Many have found it tricky to resist casting him in the latter mould. For someone born in Soweto in the 1960s to have gone on to study at the world's most prestigious art institutions - the Royal College of Art, Camberwell College of Art and St Martin's College of Art - is an achievement. Not only did Phokela receive a first-rate education at these institutions, he also rubbed shoulders with the Young British Artist set, or YBAs as they are more informally called, which included Damien Hirst, Tracey Emin, Michael Wallinger and Rachel Whiteread.

"People keep asking me about my background and childhood as if I finished school yesterday. A lot has happened since I left school." A surprising amount has happened to Phokela since he left Soweto; he has become a well-respected international artist who flits between South Africa and London, where he has lived on and off over the past 20 years. He has also built a career on avoiding being typecast; a feat that any artist from Africa values. Initially, Phokela battled with preconceived ideas about African artists.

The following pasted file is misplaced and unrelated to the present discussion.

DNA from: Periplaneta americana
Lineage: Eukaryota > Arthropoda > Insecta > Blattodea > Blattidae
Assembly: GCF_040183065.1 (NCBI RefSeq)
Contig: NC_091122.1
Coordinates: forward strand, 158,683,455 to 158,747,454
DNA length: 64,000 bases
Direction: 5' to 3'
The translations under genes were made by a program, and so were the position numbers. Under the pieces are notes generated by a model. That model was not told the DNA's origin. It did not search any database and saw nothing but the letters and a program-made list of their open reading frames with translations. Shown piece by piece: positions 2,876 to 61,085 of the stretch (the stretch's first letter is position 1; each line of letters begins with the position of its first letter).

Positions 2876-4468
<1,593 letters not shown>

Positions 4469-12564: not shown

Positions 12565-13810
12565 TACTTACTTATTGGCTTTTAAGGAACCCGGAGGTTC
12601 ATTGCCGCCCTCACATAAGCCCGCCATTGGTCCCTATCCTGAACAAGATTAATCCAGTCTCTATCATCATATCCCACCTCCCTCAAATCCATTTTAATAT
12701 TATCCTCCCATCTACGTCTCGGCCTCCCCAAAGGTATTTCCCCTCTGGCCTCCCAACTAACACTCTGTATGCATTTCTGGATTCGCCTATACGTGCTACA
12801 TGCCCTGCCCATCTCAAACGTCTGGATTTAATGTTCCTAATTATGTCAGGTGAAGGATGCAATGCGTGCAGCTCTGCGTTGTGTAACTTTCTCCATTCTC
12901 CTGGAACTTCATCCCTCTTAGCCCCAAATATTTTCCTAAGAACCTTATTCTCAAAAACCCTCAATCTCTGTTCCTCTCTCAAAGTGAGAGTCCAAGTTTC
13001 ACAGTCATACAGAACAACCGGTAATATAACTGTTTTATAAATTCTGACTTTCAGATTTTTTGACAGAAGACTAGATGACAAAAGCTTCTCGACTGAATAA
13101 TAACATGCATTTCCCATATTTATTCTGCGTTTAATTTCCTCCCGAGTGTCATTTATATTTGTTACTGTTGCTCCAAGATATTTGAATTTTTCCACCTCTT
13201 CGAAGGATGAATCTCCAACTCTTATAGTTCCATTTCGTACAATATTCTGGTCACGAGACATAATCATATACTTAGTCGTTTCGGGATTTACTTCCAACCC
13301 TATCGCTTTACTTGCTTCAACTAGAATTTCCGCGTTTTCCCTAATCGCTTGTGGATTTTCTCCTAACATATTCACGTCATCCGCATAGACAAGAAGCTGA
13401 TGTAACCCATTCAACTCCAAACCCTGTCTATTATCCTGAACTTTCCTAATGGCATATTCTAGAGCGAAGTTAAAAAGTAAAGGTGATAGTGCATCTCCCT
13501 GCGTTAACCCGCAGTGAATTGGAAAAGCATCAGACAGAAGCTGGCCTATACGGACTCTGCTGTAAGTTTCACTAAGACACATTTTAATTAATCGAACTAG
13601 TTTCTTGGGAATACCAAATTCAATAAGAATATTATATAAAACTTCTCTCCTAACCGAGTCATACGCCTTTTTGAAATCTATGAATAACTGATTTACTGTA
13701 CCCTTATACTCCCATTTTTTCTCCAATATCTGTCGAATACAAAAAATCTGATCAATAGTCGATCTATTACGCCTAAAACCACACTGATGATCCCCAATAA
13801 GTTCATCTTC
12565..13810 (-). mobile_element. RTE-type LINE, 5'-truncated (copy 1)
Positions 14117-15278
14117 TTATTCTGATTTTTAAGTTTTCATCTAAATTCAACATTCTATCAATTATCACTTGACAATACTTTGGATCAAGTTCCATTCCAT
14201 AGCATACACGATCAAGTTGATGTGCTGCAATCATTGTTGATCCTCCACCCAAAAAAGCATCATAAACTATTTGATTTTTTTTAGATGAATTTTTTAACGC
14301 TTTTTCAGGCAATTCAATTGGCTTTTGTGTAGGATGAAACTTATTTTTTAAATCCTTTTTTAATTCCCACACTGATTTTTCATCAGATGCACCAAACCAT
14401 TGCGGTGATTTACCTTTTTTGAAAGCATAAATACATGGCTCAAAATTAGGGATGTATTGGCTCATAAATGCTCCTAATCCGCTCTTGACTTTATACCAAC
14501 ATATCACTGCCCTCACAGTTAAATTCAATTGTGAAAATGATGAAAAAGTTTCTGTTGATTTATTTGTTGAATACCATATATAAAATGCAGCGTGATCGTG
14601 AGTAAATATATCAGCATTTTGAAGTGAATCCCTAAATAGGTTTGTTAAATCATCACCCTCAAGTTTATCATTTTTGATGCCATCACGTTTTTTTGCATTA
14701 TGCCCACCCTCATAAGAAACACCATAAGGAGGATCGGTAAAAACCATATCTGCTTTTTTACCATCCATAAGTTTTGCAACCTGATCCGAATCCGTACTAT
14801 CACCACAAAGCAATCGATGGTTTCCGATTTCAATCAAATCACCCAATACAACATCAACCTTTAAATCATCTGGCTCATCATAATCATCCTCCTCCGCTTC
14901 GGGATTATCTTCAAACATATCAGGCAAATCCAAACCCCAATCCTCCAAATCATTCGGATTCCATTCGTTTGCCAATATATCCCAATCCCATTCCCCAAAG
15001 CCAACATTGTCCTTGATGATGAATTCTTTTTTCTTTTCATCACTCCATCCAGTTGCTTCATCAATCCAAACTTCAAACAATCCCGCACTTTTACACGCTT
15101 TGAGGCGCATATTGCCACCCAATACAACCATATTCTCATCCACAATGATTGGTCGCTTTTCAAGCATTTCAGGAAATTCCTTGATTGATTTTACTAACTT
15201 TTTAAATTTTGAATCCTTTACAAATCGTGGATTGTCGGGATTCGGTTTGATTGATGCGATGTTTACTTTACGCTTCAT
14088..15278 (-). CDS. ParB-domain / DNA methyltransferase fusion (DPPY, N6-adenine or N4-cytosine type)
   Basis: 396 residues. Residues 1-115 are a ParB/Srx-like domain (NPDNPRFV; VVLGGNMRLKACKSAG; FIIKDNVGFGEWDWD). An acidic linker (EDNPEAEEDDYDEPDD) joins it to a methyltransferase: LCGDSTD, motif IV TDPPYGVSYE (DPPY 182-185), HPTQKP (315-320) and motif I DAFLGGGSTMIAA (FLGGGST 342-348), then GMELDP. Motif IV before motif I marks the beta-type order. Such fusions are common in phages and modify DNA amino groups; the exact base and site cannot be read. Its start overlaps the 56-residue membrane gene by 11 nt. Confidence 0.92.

"I remember arriving in London and being questioned about African art. No one ever stops a European artist and asks them to define European art."

Phokela's retort was to usurp the Western tradition of painting. It was not so much about subverting the canon but the attitudes about African art and artists - African artists aren't expected to be painters; painting has always been the preserve of European high art. "It wasn't about proving anything, it was about saying: 'Fuck you, I am going to do what I want'.

"Back in the Eighties, there was this idea that African art was supposed to be this way and European art is supposed to be that way. I tried to combine what I then perceived to be authentically contemporary African art at the time. But I constantly felt impeded by the directness of questions about the significance of my work.